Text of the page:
Baku, Azerbaijan, Nov. 7
By Temkin Jafarov - Trend:
Azerbaijan can become a bridge between Iran and the West to improve the efficiency of negotiations on nuclear program and policy, as well as power engineering, member of the Research Center of the Iranian Parliament Jalil Jafari told Trend Nov. 6.
He was commenting on Iranian President Hassan Rouhani's upcoming visit to Azerbaijan. Jafari said that Azerbaijan maintains good relations with Iran and the West.
"Currently, Iran and the US are discussing nuclear issues," he said. "Azerbaijan can play a crucial role in bringing together the positions of the sides, as it has a great potential."
Iran and the P5+1 group decided to agree on a document by July 20, 2014 that guarantees the peaceful nature of Iran's nuclear program in exchange for lifting the country's international sanctions in Geneva in November 2013. Then the terms of coordinating the document were postponed for November 24.
"Azerbaijan's territory is very important not only for Iran, but also the West in terms of power engineering, foreign policy, and geography," he said. "Azerbaijan can serve as a bridge between Iran and the West in terms of electric power engineering, oil and gas transit."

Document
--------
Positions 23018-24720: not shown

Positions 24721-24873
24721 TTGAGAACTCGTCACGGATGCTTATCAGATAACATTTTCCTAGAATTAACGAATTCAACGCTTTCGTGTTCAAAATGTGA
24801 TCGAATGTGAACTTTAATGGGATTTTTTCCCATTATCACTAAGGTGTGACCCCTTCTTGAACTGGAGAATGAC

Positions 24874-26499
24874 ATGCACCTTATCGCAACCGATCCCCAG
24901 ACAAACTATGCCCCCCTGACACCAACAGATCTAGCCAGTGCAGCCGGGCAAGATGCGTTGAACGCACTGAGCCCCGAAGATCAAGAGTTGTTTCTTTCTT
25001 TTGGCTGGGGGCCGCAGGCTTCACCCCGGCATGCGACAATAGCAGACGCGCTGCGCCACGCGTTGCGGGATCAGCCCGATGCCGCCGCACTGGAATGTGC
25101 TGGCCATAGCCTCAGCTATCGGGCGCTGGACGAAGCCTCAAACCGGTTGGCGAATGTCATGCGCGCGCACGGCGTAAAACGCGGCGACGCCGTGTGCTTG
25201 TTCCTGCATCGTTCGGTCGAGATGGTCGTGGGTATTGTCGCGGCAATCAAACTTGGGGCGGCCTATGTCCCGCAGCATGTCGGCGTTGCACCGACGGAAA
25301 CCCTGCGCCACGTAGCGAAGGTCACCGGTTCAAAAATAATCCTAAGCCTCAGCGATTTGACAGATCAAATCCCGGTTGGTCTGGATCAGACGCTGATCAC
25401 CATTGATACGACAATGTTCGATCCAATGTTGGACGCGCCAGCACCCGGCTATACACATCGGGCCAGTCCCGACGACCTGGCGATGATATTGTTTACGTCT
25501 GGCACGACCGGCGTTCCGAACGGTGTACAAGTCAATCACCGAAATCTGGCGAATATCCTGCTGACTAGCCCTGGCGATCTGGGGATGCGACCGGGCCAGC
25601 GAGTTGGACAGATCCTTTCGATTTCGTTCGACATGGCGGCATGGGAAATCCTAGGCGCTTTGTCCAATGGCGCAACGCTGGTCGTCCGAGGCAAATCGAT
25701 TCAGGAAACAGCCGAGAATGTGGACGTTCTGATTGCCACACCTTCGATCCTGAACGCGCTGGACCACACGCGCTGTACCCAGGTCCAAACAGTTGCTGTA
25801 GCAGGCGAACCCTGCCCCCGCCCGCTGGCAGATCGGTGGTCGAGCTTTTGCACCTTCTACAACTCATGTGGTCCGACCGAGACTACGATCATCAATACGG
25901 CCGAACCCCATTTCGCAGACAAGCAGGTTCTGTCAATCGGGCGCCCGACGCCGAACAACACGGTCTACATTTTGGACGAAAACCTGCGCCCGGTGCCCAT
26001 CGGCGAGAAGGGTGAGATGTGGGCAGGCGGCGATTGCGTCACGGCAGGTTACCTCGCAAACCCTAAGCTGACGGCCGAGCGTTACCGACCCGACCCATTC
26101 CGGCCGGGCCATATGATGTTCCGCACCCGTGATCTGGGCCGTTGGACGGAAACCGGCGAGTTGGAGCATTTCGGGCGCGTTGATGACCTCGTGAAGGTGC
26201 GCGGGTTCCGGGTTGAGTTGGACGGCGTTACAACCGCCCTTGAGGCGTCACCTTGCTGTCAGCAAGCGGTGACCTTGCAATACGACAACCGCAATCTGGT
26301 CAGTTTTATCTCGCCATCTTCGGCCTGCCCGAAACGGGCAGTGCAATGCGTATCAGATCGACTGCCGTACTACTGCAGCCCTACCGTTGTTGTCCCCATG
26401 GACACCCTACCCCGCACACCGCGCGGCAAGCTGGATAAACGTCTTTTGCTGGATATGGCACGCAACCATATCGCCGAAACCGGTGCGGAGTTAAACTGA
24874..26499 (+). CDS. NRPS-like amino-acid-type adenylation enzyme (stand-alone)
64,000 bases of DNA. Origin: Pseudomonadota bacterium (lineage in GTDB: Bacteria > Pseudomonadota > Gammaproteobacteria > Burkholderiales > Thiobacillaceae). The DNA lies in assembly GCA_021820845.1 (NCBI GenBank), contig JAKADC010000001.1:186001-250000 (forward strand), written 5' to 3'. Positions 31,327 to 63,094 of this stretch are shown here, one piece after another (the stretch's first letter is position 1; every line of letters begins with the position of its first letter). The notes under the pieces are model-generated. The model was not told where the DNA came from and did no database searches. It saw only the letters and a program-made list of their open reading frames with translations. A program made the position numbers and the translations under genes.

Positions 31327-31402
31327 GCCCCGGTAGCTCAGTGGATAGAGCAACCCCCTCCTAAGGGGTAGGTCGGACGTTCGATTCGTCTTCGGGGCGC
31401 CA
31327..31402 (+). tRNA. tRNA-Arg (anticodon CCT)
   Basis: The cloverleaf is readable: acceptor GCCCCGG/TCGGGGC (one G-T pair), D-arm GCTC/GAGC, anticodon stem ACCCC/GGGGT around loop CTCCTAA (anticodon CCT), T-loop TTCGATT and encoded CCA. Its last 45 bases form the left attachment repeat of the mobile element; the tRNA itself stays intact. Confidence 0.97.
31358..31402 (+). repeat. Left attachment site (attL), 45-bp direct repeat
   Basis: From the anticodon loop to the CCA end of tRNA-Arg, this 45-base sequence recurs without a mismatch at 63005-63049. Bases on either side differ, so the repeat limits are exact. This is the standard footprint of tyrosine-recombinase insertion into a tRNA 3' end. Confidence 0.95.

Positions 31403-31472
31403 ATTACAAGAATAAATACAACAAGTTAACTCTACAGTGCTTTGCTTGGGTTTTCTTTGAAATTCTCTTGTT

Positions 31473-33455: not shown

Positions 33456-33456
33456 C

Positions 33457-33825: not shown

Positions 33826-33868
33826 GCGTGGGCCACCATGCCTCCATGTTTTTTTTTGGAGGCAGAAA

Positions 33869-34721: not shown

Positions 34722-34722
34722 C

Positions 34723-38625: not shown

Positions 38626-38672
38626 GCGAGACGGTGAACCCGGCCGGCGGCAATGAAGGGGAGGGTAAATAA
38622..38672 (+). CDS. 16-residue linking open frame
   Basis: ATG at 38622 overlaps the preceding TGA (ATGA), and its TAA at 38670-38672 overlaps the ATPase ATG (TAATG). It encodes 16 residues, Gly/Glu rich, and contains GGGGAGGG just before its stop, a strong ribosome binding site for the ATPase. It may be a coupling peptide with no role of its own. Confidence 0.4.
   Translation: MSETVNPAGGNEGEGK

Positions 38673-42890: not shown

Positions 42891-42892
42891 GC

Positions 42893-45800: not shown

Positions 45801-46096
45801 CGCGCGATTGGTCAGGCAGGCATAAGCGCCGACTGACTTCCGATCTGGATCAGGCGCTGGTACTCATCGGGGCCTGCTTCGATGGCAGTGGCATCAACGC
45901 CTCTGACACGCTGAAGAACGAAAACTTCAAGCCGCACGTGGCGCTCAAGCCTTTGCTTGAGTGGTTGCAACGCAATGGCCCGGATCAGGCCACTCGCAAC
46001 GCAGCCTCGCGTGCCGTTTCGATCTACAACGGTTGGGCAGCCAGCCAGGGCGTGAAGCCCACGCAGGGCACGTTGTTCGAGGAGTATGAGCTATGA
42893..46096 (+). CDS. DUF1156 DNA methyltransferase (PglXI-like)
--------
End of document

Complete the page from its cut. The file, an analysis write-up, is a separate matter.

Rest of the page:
President Rouhani will visit Azerbaijan on November 12. During the visit, ten documents will be signed.
Jafari said that President Rouhani's priority is the development of relations with neighboring countries.
"The economic development of the region is important for all," he said. "So, the regional countries must solve the problems together."
Jafari also said that Azerbaijan is an important country for Iran in terms of power engineering.
Around 1.2 million cubic meters of gas are exported from Azerbaijan to Iran daily as part of the swap transactions to provide the Nakhchivan Autonomous Republic.
In 2010, the daily swap of 70,000-90,000 barrels of oil between Iran and other Caspian states came to a halt by Iranian side. At that time, unofficial sources said Iran had decided to increase the swap fee from $1.1 to $5.5 per barrel.
The Islamic Republic swapped totally 254 million barrels of crude and got a sum of $880 million in transit premiums between 1997and 2009.